Top three takeaways for B2B social media

The Explore Minneapolis conference was a B2B social media confab.

I along with several colleagues from Fusionfarm, an advertising and marketing agency in Cedar Rapids, Iowa, recently took a trek up north to Explore Minneapolis, a B2B social media confab.

Since I’m relatively new to the social media for business game, at least from a professional standpoint, I want to share some of my top takeaways.

It all starts with content marketing

Leave it to the owner of a fiberglass pool company to sum up content strategy and content marketing into as few words as possible.

“They ask. You answer,” says Marcus Sheridan, who also is the author of the free eBook Inbound and Content Marketing Made Easy.

His basic philosophy on content marketing boils down to this: Take every question you ever get from a potential client and turn it into a blog post or article on your site. It’s OK to talk about your problems and always address pricing. Don’t let a visitor leave your website without the critical information they need, Sheridan said.

The reasoning is simple. Clients are no longer making the decision about spending money with your business when you meet them in the conference room. They’ve decided long before that based on the information they’ve discovered.

Sheridan has it broken down for his pool business. If a potential customer visits at least 30 pages on his website, he has an 82 percent chance of converting that person into a sale.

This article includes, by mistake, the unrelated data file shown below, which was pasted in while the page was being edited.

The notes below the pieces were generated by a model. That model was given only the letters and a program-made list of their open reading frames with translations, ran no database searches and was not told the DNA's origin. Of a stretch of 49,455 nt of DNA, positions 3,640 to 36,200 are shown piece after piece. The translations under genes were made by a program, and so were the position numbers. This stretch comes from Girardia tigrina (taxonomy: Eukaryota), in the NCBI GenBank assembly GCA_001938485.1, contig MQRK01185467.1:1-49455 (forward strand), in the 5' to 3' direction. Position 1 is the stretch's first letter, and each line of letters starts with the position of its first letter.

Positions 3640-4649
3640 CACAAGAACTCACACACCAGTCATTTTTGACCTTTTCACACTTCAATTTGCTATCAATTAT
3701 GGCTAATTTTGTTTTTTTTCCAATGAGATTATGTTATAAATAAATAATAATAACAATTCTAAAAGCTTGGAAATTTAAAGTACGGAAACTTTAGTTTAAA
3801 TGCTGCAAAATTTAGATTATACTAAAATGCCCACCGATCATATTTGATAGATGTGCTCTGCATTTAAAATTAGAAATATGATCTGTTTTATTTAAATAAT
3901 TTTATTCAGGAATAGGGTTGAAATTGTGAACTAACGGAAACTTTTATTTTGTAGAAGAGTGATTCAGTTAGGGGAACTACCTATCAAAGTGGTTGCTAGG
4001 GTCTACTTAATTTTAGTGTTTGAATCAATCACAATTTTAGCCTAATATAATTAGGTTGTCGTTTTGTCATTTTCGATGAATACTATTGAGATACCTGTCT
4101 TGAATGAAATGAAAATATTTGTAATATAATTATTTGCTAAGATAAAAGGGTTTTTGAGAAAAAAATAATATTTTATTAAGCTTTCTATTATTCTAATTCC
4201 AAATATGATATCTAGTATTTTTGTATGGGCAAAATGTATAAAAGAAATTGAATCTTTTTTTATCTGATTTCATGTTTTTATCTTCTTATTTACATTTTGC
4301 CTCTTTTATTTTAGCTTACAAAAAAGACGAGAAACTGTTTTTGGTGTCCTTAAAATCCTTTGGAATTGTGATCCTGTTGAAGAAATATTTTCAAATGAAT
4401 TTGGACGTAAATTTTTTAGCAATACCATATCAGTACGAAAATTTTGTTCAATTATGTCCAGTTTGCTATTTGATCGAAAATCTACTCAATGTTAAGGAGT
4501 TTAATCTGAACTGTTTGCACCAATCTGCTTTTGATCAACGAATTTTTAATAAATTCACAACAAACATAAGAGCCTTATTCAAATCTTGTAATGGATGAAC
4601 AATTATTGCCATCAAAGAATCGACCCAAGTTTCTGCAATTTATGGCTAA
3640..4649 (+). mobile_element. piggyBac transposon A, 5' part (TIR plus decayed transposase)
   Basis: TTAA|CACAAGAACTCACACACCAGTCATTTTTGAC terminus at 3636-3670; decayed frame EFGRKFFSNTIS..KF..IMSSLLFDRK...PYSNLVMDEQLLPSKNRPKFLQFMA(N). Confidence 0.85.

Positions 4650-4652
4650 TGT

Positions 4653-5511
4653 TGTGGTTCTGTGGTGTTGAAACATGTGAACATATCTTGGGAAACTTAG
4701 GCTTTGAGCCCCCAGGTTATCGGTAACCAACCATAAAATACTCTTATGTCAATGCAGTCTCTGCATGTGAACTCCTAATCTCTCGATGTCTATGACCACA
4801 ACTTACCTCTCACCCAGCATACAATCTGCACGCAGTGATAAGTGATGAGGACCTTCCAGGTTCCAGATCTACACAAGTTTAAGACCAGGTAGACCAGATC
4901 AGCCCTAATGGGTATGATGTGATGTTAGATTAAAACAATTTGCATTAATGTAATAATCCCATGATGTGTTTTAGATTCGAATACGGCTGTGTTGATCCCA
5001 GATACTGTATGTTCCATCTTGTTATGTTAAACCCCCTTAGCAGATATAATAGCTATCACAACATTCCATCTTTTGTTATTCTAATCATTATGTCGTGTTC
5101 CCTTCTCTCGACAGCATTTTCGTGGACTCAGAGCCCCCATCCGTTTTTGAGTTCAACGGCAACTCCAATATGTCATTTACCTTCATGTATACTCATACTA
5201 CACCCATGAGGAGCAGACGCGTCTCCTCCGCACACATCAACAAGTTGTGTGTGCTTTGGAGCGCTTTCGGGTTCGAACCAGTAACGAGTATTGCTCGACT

How many businesses know that number for themselves?

Audit and adapt often

“Always be optimizing and auditing,” says Jolina Pettice.

“Always be optimizing” was the quote from Jolina Pettice, the director of client accounts for TopRank Online Marketing.

Social media is 24/7, and so are your potential customers.Today’s marketers are not like the Don Drapers of the world where everything was about the creative. Today, marketing is about technology, social media, writing, websites, mobile sites, etc., and figuring out the best way to monitor and optimize those for leads.

Setting goals is a given in any campaign, whether its your own or for a client. Analyzing and adapting to what you learn can set you apart. It’s called follow-through.

Pettice, in her talk in Minneapolis, emphasized the importance of the campaign audit. Tweaks to code, calls to action and keyword terms based on what’s working. Changing content techniques based on referrals to targeted pages. Discovering what is most shared across social channels.

“A marketers job is never done,” she said.

Measure ROI consistently and know how to communicate it

A study cited at the Explore Minneapolis event says that 73 percent of executives think marketers don’t understand business objectives.

“If you want to explain your job and get more in your budget to do it, then speak ROI in executive language,” said Nichole Kelly, who I am paraphrasing. Kelly is the President of SME Digital.

To take that further, Kelly emphasized the need to know your audience and how to effectively communicate ROI to it. Executives, for example, care about sales volume, revenue and cost. Others have a different view. Cater the message since the landscape of understand social media is so varied.

We know social media is a tool for businesses to grow. Tailor the RIO message so its best heard accurately.

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